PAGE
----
Posted on May 28, 2014 by Sam Wardwell
We’ll start this week with some market trivia – Roughly 150 of the stocks in the S&P 500 yield more than the 10-year Treasury. Continue reading
Filed under: Europe, GDP, Macroeconomics, Sam Wardwell, U.S. Dollar | Tagged: Bonds, Capital Markets, China, currencies, economy, employment, Europe, European markets, Japan, Sam Wardwell | Leave a comment »
Posted on May 19, 2014 by Sam Wardwell
U.S. Treasuries rallied last week, pushing yields to new 2014 lows – but why did it happen? War fears seem an unlikely explanation: gold and oil were well-behaved, and equities were flattish.U.S. economic fears couldn’t explain it – the data wasn’t bad – but low Eurozone GDP growth might have contributed. The trading desk buzz is that we’re seeing a short squeeze – there just aren’t enough bonds to go around. Continue reading
Filed under: Equity Market Insights, Europe, Fixed Income Market Insights, Inflation, Macroeconomics, Sam Wardwell | Tagged: Capital Markets, China, currencies, economic data, Eurozone, India, Japan, Sam Wardwell, US Treasuries | Leave a comment »
Posted on May 13, 2014 by Giordano Lombardo
The last decade may well be remembered as the golden era for Emerging Markets (EM). These economies emerged from the crisis of the 90s and experienced a success story of restructuring and strong growth early in the millennium. Cheap labor markets and massive capital inflows, along with extraordinarily loose monetary policies put in place globally to fight recession, were behind the EM renaissance. Continue reading
Filed under: Equity Market Insights, Fixed Income Market Insights, Giordano Lombardo, Macroeconomics | Tagged: Capital Markets, Central Banks, China, emerging markets, Giordano Lombardo, QE Tapering, tapering | Leave a comment »
Posted on May 12, 2014 by Sam Wardwell
Observations on the Capital Markets – Week Ended May 9, 2014
On Thursday, Putin suggested the separatists postpone their vote (a suggestion they appear to have ignored). He also said Russia had pulled troops back from the Ukrainian order (NATO said no such pullback had occurred). Finally, Putin also called for a ceasefire and talks between the new government and separatists on equal terms . . . a move which would effectively confer recognition on the separatists. Markets—notably the Russian stock market—rallied on this hint of peaceful behavior.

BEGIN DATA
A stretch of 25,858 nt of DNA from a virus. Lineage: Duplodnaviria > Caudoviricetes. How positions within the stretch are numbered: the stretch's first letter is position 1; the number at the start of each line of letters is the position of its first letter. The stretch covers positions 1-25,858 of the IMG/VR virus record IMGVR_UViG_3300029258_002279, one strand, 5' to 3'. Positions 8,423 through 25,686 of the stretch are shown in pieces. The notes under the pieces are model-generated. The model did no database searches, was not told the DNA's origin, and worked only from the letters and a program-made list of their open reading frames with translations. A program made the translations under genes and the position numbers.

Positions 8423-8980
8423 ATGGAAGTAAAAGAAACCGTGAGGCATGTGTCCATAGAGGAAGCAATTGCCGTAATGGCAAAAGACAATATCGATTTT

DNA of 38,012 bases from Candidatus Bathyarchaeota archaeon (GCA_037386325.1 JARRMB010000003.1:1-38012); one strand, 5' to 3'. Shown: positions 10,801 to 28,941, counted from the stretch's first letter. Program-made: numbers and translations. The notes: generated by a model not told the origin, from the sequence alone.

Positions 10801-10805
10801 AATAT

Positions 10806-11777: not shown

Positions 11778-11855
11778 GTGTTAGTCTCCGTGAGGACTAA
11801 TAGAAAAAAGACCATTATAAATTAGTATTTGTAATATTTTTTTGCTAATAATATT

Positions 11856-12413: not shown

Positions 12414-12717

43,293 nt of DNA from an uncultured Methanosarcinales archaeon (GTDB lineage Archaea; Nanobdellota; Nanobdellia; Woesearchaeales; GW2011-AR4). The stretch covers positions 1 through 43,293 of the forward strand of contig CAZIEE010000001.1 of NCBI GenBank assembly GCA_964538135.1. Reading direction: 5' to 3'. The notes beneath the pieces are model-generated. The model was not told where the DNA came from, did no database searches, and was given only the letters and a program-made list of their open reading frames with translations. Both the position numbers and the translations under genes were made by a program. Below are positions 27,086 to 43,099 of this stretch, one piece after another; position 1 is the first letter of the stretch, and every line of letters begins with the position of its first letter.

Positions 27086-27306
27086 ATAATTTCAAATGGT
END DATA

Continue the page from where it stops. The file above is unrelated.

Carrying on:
Nevertheless, the separatists have said they intend to push forward with a May 11 “independence referendum.” Independent polls suggest that the majority of the local populations do not favor secession but, inasmuch as the separatists are likely to collect ballots only in areas they control, that they are likely to present at the polling booths, and that no impartial authority will be counting the ballots, a small actual turnout, a high reported turnout, and a pro-secession vote are likely outcomes.
On Friday, Russia commemorated Victory (over Hitler) Day . . . it’s a very big holiday in Russia—think July 4. On Friday, Russia apparently also conducted military drills—not on the Ukrainian border, but across Russia—simulating (with ICBMs and strategic bombers) the ramp-up to global nuclear war. Was it routine and pre-planned, as they say, or a threat of escalation? You decide. Continue reading
Filed under: Contributors, ECB, Equity Market Insights, Europe, Fixed Income Market Insights, GDP, Inflation, Macroeconomics, Political, Sam Wardwell, U.S. Dollar, United States | Tagged: Russia, Russian, Ukraine | Leave a comment »
Posted on May 5, 2014 by Sam Wardwell
First quarter GDP rose 0.1% (annualized), which was well short of market expectations. But don’t get excited – this is a backward looking indicator. Q2 is already 2/3 over and it’s looking a lot stronger than the prior quarter and winter months. Employment in particular looks solid, but a raft of other data points to building strength.
A few points to consider:
- GDP will be revised twice, and the final number is likely to be significantly different than 0.1%.
- Trend growth is still improving: trailing 12-month growth is 2.3%, versus 1.3% at the end of Q1 2013.
- Easter was late. A late Easter pulls activity from 1Q into 2Q.
- Hours worked fell in Q1 due to bad weather. If hours worked had not fallen, Q1 growth would have been about 2.5%.
Filed under: ECB, Equity Market Insights, Europe, Fixed Income Market Insights, GDP, Macroeconomics, Sam Wardwell, United States | Tagged: China, Europe, Fed Action, Fed tapering, GDP, Japan, Sam Wardwell, Slow growth, tapering, the Fed | Leave a comment »